Bud Silvey married the Rice Brother's mother when they were both young. He encouraged them to become musicians, taught them, performed with them and shaped their careers. From the Rice Brothers, Jimmie Davis got the song, "You Are My Sunshine." He paid Paul Rice for it in 1939. Curiously, the Rice Brothers didn't even write the song.
The following is from: The Rice Brothers Hillbillies With Uptown Ambitions By Wayne W. Daniel
Hoke Rice was born January 8, 1909, some 50 miles northeast of Atlanta, Georgia, in Hall County. Four years later, on July 23, 1913, while the family was still living in the same Chestnut Mountain community near Gainesville, Paul was born. Their father, a preacher and cobbler, repaired soles during the week and saved souls on Sundays. From their mother, who played five-string banjo, fiddle and piano, the Rice brothers inherited their musical talent.
Around 1920, when Hoke was 11 years old and Paul was about seven, their parents separated. Mrs. Rice later married a textile mill mechanic and part-time musician named Rufus M. "Bud" Silvey. He subsequently encouraged and helped shape the musical development of his two stepsons. In pursuit of his textile trade, Silvey and his family lived in several small towns in Georgia. Silvey's musical enterprises, which later included Hoke and Paul encompassed a wider circuit and took them to small towns in several Southeastern states.
In his late teens, Hoke took guitar lessons from a classical and pop-oriented guitarist, thus laying the foundation for the jazz and pop stylings that characterized the music of his professional career. By 1929, after having served his musical apprenticeship with his stepfather, he was making a name for himself in the Atlanta area as a solo performer. Into the early 1930's he was a sought-after guitarist by record company executives who brought their portable equipment to the city to record local artists. He recorded with both blues and hillbilly performers and fronted his own band as a vocalist on several records. In addition, he could be heard regularly on Atlanta radio stations.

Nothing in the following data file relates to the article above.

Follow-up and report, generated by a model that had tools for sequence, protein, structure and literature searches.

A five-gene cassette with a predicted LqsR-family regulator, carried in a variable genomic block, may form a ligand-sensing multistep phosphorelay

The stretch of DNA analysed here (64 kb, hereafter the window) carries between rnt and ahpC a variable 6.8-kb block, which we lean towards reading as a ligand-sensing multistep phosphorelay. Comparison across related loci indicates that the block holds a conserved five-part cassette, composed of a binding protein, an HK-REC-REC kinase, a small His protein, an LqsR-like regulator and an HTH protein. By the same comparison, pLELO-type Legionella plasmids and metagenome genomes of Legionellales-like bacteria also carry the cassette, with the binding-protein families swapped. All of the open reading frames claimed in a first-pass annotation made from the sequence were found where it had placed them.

Paul Rice, like his brother Hoke, also broke away from his stepfather in an attempt to establish an independent career. In the 1920's he worked on WSB and recorded with Fiddling John Carson and with Gid Tanner. In Gainesville, Georgia, while working in a textile mill, he organized his own band to play at dances for mill employees.
Sometime in 1939, Hoke and Paul returned to Shreveport, Louisiana, where they became regular performers on KWKH. They performed on the popular KWKH Saturday Night Roundup, staged in the larger towns around Shreveport, such as Monroe, Louisiana; Dorado, Kansas; and Lufkin, Texas. For a while Hoke and Paul also appeared daily over KTBS on a mid-morning program sponsored by Southern Maid Donuts. For this show they were billed as The Southern Maid Donut Boys.
While in Shreveport they became associated with country singer, recording artist and politician Jimmie Davis, two-time governor of Louisiana. Paul may have wished later that they hadn't. As the acknowledged composer of "You Are My Sunshine," Paul sold the song to Davis for whom it became a hit record and tremendous money-maker. According to a story in the Shreveport Times of September 16, 1956, Paul sold the song to' Davis and his partner Charles Mitchell for $35, money he needed to pay his wife's hospital bills. The Rice Brothers' bass player, Reggie Ward, told writer Louise Hewitt that "they asked me to sign as a witness the typed document transferring all rights to Davis and Mitchell."